March 27, 2000 – the DOL issues Advisory Opinion 2000-03A, deciding that the Employees’ Money Purchase Pension Plan of the Housing Authority of the City of Santa Barbara is a governmental plan within the meaning of ERISA section 3(32) and therefore is excluded from ERISA Title I coverage by ERISA section 4(b)(1). In making that determination, the DOL found that the Housing Authority’s money purchase plan met the definition of “governmental plan” contained in ERISA section 3(32) because it was a public corporation established pursuant to a state statute which could exercise governmental powers, including eminent domain, and its property and revenues were exempt from state and local taxation, and it was controlled and supervised by the mayor and city council of the City of Santa Barbara.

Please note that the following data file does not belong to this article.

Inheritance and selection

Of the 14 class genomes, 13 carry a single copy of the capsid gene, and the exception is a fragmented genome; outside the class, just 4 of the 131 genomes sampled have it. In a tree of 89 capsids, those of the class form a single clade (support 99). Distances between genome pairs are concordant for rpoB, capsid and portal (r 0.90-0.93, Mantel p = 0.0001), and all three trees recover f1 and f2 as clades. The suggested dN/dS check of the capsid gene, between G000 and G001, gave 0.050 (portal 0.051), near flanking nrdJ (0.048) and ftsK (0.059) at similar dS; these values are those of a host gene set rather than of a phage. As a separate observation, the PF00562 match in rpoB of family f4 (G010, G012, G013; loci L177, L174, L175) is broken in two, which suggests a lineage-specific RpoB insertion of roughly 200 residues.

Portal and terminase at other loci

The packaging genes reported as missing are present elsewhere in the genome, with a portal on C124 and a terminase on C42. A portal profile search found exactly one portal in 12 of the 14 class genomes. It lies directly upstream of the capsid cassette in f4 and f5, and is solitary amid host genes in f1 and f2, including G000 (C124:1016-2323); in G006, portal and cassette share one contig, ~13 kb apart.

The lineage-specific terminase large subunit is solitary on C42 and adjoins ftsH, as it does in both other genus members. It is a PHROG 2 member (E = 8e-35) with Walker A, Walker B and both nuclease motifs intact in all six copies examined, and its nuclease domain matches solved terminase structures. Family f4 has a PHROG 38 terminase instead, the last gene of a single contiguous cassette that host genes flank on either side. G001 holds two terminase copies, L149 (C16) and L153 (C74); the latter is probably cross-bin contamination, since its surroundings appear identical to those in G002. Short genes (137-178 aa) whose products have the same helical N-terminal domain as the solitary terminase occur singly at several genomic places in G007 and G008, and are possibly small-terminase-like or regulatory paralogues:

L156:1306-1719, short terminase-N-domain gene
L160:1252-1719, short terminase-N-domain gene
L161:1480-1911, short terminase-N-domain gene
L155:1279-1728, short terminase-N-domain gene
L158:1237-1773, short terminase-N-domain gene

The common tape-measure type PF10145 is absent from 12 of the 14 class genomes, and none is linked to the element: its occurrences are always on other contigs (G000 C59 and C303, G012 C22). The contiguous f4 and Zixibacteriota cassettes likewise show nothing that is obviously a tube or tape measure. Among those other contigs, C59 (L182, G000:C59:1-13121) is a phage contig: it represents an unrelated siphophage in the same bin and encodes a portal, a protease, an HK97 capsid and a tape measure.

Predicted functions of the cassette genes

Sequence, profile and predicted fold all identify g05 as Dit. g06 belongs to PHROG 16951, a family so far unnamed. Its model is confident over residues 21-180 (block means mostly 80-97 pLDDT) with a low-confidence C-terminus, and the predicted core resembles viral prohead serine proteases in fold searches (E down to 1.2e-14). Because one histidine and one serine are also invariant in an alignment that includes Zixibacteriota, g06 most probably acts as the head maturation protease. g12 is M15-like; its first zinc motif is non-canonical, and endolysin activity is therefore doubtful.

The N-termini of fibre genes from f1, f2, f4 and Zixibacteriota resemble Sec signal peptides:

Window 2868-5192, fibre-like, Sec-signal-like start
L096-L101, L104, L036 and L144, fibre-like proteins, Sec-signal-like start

On Nov. 7, 2011, the IRS issued Proposed Regulations on the Determination of Governmental Plan Status within the meaning of Internal Revenue Code section 414(d). Code section 414(d) defines the term “governmental plan” as a plan established and maintained for its employees by the Government of the United States, by the government of any State or political subdivision thereof, or by any agency or instrumentality of any of the foregoing. The definition of governmental plan in ERISA section 3(32) is essentially the same as Code section 414(d) except Code section 414(d) uses the term “established and maintained” and ERISA section 3(32) uses the term “established or maintained”. There are currently no regulations providing guidance about Code section 414(d) other than these new proposed regulations. The IRS has been using the facts and circumstances analysis contained in Rev. Rul. 89-49 to determine whether a retirement plan is a governmental plan within the meaning of Code section 414(d).